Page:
Adding documentation to the GHC API
Not very long ago, I tried to use the GHC API to do some static analysis. It turned out to be a lot more complicated than I expected. Now I was going to fix some of that.
To write our non-trivial term constraint oracle tool, we had to write some static analysis code. We figured we would try to use the GHC API to handle parsing and type-checking, so we looked at the GHC API documentation from back then.
Down the rabbit hole
There isn’t much for documentation on that page already, but an educated
guess brought us to
the GHC module. We searched for ‘parse’ and found
parseModule. So far so good, combining the information from
a tutorial from version 7.6 and what we saw in the type signatures, we
managed to call this function and get a
Now we could start writing our static analysis piece, right? How
complicated can the
ParsedModule be? More complicated than we
thought, as it turned out. From a
ParsedModule, we got a
ParsedSource, which is just a type synonym for a
(HsModule RdrName). Hmm, let’s see:
Located is a type
GenLocated SrcSpan and
the first piece of documentation: “We attach
SrcSpans to lots of
things, so let’s have a datatype for it.”
SrcSpan also had some
documentation, so we were able to figure out that it means “Rectangular
portion of a source file”.
Great, we know what
let’s go down the other half of the rabbit hole. What is
HsModule? The documentation says “All we actually declare here
is the top-level structure for a module.”, but it does not explain why
name is a parameter. Never mind, we were looking for the
declarations in a module and specifically the left-hand side of functions.
[LHsDecl name] part of the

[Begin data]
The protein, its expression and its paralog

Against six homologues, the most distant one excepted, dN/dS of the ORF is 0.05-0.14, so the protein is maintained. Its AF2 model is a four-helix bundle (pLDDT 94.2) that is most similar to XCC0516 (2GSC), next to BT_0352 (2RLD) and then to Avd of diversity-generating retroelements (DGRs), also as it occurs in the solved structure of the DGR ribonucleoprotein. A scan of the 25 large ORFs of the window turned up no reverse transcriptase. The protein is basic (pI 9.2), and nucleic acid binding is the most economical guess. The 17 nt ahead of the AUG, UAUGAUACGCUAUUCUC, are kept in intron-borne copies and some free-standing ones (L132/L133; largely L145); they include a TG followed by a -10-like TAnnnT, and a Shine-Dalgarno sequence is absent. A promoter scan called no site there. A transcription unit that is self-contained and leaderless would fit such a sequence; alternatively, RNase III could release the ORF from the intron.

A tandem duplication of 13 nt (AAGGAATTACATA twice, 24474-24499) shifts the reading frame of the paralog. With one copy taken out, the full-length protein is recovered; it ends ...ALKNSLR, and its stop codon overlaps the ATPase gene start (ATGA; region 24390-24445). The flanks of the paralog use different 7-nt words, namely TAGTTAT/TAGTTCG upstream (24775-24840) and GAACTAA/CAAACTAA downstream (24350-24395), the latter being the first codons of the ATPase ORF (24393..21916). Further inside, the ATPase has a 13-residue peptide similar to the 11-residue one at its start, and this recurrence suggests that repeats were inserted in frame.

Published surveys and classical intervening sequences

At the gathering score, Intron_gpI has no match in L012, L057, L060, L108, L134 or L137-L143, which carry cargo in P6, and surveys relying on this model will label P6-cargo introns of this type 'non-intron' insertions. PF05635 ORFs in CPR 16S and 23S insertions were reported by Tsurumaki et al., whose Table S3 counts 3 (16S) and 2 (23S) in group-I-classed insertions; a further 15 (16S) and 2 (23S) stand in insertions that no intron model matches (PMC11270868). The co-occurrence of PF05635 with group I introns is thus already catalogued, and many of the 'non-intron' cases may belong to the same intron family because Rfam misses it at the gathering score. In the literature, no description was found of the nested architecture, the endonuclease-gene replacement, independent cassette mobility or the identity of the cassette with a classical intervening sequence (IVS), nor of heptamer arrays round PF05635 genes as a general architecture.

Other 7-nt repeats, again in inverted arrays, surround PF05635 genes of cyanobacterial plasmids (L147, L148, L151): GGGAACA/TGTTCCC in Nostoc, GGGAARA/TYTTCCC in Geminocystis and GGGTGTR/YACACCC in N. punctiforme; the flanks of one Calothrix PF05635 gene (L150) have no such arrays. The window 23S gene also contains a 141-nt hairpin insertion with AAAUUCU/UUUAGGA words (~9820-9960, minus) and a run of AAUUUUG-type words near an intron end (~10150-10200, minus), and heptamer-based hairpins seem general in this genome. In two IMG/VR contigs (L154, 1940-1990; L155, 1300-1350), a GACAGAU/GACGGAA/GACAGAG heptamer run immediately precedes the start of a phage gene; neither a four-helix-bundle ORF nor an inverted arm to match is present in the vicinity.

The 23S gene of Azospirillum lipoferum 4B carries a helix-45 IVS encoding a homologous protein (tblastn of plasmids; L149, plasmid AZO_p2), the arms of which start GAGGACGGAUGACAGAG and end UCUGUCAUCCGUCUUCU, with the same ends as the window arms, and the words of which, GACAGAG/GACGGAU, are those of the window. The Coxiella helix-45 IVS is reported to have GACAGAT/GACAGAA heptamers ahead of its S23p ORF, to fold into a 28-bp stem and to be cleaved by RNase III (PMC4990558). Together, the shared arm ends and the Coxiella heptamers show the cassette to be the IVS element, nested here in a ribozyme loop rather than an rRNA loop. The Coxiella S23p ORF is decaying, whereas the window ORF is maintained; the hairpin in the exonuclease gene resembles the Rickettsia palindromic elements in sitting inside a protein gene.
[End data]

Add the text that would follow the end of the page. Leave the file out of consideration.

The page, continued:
HsModule name seemed
promising, but what is a
LHsDecl? “Left-Hand side Declaration”?
That’s exactly what we need! Oh it’s just an alias for
HsDecl and has nothing to do with the left-hand side of anything.
This story goes on for quite a bit longer. We spend a few hours trying to figure out how we could use the GHC API but we felt no more confident after that than when we started, so we decided to use haskell-src-exts instead.
The reason why the GHC API was to confusing was twofold:
- Most of the GHC API is undocumented.
- Most of the names in the GHC API are abbreviations.
I had been trying to find something to do for my first GHC contribution, so I decided to contribute documentation. In particular, I was going to add the expansion of every abbreviation I could find in the names to their documentation, so that the next time someone wants to write some static analysis tool, they will not be discouraged by the API documentation.
The “how to contribute” guides for GHC are very good. The newcomers page, together with the ‘How to contribute a patch to GHC’ page got me up and running quickly. One task, one differential revision, 13 commits and a large number of comments from the very helpful GHC crew later, the GHC API had its confusing abbreviations expanded in its documentation.
Hopefully the GHC API will be less confusing to newcomers in the future.